Our second question is, “Does a hybrid vehicle have to be plugged in to charge the battery?”

Even though the electric motor in a hybrid vehicle runs on electricity stored in the vehicle’s battery, it does not get plugged in for recharging. Hybrid vehicles have what is called a regenerative braking system, which means when brakes are applied, the kinetic energy created from braking is used to recharge the battery. Also, whenever the gasoline engine is running, the battery is being recharged. If necessary, you can bring the 12-volt system battery back to a fully charged state by using a typical automobile battery charger.

Our third question is, “Do hybrid vehicles cost more to maintain?”

The cost to maintain a hybrid is roughly the same or slightly lower than repairing or maintaining a regular vehicle. However, there was a time when technicians thought hybrid vehicles were very “scary” to be around, which caused service costs to be much higher. They thought this because when hybrids were new, technicians who weren’t working for the manufacturer producing them had little to no training about the technology. Now, with more manufacturers producing hybrids, they’re producing more well-trained technicians who follow proper procedures. All of this allows technicians to safely and properly perform routine maintenance and repairs without being afraid of the technology.

Our fourth question is, “I hear about the Toyota Prius all the time, but what other hybrid vehicles are available?”

While the Prius was one of the first hybrids introduced and continues to be on top of the best hybrids lists, other manufacturers have and continue to produce hybrids. There are now over 20 different models. Hyundai has the Ioniq. Kia has the Niro. In addition to the Prius, Toyota has three other models: the Prius Prime, Corolla and Camry. There are also hybrid SUVs available from Mitsubishi, Lexus, BMW, Acura and Volvo.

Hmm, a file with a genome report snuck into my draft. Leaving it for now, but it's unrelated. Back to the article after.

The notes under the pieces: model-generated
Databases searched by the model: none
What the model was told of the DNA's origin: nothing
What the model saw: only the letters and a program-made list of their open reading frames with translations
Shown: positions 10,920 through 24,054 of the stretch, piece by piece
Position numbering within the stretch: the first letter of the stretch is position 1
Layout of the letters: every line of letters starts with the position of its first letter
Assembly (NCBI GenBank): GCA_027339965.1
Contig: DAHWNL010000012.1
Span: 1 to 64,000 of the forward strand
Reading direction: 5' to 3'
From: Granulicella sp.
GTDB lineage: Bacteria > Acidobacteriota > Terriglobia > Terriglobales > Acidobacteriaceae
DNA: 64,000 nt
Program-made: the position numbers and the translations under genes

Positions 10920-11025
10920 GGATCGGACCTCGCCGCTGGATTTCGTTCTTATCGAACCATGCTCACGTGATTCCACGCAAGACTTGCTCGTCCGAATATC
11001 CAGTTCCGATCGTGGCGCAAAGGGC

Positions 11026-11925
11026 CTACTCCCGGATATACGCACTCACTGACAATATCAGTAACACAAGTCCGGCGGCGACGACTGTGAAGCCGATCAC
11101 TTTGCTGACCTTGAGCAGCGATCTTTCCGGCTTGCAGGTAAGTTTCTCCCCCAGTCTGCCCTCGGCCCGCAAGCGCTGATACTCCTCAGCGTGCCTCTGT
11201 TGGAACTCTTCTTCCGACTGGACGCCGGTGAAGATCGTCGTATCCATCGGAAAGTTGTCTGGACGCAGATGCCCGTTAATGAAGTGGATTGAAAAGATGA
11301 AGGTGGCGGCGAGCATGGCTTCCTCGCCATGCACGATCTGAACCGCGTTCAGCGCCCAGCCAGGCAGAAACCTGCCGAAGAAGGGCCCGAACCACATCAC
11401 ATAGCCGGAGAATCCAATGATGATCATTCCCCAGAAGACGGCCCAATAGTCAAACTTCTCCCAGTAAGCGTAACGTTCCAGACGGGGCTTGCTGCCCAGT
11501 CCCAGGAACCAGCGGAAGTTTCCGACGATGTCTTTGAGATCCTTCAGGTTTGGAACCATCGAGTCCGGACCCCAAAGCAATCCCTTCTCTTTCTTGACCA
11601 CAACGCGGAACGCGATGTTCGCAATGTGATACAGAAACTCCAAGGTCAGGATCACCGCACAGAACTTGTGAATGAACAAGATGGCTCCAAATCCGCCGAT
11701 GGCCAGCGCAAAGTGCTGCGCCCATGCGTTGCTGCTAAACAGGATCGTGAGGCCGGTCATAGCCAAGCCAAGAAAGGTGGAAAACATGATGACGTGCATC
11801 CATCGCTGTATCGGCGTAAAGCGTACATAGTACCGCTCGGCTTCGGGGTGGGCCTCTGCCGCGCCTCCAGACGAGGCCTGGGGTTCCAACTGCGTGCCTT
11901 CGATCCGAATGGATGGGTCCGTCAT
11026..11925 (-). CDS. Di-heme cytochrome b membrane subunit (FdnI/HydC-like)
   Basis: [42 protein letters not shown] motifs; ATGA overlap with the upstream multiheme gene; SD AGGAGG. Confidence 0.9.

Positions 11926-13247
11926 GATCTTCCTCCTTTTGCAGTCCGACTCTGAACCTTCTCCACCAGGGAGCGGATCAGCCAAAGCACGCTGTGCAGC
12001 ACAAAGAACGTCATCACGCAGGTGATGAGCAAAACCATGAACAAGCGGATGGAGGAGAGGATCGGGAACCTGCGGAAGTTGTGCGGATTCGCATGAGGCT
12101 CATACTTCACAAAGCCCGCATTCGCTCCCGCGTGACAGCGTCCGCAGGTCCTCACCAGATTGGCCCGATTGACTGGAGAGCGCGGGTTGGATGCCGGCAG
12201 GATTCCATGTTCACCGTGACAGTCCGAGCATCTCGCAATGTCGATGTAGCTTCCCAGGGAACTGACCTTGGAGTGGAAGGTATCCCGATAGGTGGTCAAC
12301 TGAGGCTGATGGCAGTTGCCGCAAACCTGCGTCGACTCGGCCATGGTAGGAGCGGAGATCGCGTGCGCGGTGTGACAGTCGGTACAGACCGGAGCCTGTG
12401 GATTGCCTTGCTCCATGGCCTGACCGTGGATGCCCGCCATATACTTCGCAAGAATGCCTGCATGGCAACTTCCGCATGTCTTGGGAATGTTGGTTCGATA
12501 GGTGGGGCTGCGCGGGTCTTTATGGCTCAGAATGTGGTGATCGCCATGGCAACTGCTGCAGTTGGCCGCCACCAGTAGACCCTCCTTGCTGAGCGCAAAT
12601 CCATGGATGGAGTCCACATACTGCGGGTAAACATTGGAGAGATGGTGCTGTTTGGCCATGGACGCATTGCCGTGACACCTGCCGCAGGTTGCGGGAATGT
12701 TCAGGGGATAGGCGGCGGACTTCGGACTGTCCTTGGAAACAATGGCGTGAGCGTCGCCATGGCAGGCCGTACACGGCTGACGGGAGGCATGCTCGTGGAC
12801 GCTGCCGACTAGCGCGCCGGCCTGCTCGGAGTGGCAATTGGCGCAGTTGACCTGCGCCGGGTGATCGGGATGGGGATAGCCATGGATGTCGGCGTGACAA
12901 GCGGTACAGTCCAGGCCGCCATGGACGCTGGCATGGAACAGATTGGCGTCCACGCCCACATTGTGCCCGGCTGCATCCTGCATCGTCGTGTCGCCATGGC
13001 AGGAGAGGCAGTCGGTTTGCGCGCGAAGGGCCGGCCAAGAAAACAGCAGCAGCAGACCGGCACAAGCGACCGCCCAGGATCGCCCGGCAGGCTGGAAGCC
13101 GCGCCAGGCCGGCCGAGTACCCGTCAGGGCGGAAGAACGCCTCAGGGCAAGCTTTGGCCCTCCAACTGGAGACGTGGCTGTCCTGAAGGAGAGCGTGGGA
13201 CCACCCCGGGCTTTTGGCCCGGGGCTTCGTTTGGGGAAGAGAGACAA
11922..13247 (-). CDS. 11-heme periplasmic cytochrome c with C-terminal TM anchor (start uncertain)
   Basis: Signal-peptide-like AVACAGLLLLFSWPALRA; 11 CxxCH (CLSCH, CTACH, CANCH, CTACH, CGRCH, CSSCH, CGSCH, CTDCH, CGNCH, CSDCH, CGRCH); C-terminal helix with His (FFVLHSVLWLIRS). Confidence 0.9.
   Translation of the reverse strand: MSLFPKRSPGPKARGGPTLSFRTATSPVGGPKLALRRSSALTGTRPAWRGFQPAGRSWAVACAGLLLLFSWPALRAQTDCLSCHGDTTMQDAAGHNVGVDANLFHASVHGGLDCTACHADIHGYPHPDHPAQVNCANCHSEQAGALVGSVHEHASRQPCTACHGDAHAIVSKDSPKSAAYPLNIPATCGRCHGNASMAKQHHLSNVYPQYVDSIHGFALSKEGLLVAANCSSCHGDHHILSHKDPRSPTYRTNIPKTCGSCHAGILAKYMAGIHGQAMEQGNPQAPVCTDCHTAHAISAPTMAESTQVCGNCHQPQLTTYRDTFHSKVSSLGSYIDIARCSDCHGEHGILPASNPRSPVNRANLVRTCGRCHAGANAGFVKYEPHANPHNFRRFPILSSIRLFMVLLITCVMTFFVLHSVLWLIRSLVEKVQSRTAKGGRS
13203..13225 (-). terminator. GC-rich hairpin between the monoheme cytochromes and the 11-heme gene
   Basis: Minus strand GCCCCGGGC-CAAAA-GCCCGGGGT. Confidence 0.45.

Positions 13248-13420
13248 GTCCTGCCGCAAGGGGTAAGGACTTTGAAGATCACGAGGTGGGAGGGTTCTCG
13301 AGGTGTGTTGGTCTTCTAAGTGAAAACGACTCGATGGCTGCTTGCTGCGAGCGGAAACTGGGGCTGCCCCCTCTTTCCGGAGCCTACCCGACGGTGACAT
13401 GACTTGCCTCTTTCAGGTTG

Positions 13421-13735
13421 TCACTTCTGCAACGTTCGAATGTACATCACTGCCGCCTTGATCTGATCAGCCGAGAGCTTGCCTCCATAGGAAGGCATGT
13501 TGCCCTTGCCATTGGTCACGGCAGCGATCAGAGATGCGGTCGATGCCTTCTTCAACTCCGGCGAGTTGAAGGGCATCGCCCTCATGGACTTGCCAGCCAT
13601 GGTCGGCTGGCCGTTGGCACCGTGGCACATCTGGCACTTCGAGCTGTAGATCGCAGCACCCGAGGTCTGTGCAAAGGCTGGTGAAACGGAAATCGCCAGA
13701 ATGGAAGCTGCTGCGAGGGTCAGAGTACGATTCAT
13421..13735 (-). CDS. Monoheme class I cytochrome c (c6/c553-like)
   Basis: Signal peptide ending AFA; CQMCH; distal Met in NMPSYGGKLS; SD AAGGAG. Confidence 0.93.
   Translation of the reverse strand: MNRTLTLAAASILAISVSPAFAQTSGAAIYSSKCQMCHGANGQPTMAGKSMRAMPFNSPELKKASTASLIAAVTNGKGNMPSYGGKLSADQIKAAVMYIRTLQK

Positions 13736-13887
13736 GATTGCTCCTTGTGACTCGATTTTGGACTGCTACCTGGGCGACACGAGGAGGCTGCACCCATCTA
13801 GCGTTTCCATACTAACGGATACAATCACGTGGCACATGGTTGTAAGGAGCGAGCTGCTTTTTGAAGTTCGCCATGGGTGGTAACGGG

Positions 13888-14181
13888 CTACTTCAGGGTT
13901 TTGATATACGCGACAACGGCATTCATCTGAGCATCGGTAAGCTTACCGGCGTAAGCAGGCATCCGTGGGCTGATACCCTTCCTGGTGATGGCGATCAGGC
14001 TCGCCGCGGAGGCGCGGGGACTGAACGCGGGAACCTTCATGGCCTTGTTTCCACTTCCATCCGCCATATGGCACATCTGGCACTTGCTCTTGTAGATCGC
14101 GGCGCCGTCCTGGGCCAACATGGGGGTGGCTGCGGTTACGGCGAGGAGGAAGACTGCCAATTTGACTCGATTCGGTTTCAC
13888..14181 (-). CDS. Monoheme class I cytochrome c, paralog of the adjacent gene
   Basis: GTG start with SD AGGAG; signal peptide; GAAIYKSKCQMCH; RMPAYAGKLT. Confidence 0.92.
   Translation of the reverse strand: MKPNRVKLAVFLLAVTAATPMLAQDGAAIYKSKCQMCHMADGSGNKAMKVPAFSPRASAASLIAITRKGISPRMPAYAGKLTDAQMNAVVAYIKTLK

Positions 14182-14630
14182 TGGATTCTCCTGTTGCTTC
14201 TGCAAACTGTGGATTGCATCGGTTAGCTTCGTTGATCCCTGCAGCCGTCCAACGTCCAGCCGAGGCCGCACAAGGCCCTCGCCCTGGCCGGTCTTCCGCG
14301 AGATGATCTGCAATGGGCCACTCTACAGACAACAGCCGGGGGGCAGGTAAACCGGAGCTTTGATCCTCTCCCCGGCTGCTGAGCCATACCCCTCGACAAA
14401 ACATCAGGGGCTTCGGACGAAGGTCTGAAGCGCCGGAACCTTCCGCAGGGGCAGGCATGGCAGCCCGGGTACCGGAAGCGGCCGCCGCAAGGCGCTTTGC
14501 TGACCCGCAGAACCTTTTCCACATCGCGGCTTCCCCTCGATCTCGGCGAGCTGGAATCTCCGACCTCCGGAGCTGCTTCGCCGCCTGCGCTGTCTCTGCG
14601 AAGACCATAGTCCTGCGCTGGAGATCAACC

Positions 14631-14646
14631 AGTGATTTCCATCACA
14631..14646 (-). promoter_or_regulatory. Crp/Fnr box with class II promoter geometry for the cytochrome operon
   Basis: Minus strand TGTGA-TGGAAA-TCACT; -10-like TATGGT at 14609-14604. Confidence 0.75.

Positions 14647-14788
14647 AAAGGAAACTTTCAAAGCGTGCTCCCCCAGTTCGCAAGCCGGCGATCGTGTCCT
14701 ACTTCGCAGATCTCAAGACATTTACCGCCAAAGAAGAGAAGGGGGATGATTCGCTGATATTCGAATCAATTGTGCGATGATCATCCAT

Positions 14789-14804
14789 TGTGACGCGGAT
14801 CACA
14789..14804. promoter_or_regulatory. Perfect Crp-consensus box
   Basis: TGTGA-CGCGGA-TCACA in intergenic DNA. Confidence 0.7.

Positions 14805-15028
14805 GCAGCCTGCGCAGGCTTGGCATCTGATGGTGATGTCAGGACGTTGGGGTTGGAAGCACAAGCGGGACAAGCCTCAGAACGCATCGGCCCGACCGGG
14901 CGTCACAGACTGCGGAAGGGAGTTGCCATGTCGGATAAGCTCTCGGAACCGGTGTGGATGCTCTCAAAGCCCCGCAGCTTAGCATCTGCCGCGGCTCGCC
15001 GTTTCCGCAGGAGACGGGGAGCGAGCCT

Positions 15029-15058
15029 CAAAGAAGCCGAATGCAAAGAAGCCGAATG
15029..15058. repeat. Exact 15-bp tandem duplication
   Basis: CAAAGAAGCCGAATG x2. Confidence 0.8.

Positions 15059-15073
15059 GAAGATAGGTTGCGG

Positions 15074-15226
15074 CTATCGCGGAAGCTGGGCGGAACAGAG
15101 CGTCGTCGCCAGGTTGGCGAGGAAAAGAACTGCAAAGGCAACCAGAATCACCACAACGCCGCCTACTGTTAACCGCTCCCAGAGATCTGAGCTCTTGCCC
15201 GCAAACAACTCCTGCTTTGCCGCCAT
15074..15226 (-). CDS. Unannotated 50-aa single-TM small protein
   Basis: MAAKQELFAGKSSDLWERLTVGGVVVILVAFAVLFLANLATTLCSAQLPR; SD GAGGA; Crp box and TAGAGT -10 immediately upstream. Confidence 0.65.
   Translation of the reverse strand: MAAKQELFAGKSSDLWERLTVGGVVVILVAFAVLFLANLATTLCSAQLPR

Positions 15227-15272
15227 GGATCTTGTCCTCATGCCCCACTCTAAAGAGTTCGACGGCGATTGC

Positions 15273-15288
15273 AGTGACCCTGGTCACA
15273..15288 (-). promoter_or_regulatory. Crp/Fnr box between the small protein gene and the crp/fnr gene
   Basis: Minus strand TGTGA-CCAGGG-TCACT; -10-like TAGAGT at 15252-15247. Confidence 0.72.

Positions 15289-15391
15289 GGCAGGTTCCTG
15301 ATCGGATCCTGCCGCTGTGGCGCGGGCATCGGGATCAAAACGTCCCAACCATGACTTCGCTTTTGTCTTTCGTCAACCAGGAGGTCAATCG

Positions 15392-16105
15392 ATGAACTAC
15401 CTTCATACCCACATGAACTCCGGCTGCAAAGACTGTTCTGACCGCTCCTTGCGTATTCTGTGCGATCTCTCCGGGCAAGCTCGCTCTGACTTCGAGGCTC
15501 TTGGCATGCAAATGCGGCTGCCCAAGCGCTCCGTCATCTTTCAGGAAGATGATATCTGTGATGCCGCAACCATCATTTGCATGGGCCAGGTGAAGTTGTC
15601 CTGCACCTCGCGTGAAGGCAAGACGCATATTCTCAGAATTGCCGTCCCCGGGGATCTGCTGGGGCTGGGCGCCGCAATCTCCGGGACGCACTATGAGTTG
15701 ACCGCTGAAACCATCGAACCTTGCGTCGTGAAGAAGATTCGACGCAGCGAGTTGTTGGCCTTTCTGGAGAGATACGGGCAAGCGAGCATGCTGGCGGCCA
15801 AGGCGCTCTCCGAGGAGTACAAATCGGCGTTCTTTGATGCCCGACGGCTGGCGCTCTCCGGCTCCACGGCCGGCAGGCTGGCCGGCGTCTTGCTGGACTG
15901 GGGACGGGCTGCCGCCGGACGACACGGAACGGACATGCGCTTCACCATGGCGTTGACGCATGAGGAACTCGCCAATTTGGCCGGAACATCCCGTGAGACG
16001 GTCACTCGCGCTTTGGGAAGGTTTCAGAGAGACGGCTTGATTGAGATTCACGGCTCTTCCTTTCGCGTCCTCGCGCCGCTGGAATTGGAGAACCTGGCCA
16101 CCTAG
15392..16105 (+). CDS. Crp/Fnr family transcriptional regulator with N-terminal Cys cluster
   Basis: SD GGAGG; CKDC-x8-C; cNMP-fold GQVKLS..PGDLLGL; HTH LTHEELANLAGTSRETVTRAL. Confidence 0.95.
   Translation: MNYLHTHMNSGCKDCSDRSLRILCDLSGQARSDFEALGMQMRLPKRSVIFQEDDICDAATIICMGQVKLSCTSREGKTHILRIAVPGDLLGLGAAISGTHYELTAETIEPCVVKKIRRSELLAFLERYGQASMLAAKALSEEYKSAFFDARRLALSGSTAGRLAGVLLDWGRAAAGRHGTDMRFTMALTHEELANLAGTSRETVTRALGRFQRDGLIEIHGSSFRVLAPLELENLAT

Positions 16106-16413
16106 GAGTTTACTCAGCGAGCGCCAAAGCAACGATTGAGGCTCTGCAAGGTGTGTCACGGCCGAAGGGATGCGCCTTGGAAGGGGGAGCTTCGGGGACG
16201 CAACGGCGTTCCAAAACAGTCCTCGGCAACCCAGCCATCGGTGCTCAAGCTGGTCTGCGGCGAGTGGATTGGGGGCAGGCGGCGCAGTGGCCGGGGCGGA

Our last question is, “Is it worth it to purchase a hybrid vehicle?”

For many people in our area, the answer is, probably not. In most cases, hybrids end up costing you more money than buying a gas-powered car. The purchase price of a hybrid is higher because of the technology used to build the vehicle. Yes, you may receive a tax break when you purchase a hybrid but then you have higher insurance rates because of the cost of the vehicle. There is also a performance issue. Hybrids are usually quite slow and may create dangerous situations, especially during highway driving. They also have diminished fuel efficiency in the cold weather and we all know how cold winters can be in Northeastern Pennsylvania.

Deciding to purchase a hybrid vehicle should be done the same way you decide on which gasoline vehicle to buy. You have to research all the pros and cons, not just the amount of money you might be able to save at the pump if you buy a hybrid.

At the end of the day, you have to like what you’re buying and feel safe when you and your golden doodle head out on the open road.

Continuing Education Program Now Enrolling Students in Specialized Soldering Training and Certification Course

Johnson College is offering a 16-hour IPC J-STD-001 Training and Certification Course through its Continuing Education Program. This specialized course introduces the materials, methods, and acceptance criteria for producing high-quality soldered electrical connections. The course will be held on the Johnson College campus during the late afternoons starting Monday, May 17, 2021, through Thursday, May 20, 2021. The total cost of the course is $500 and space is very limited. To learn more or to enroll, visit or contact the Johnson College Continuing Education Department at 570-702-8979 or

This course can be utilized by workers in industries such aerospace, bio-medical, computer technology, and electronics to name a few, who are interested in expanding their careers while helping their companies grow.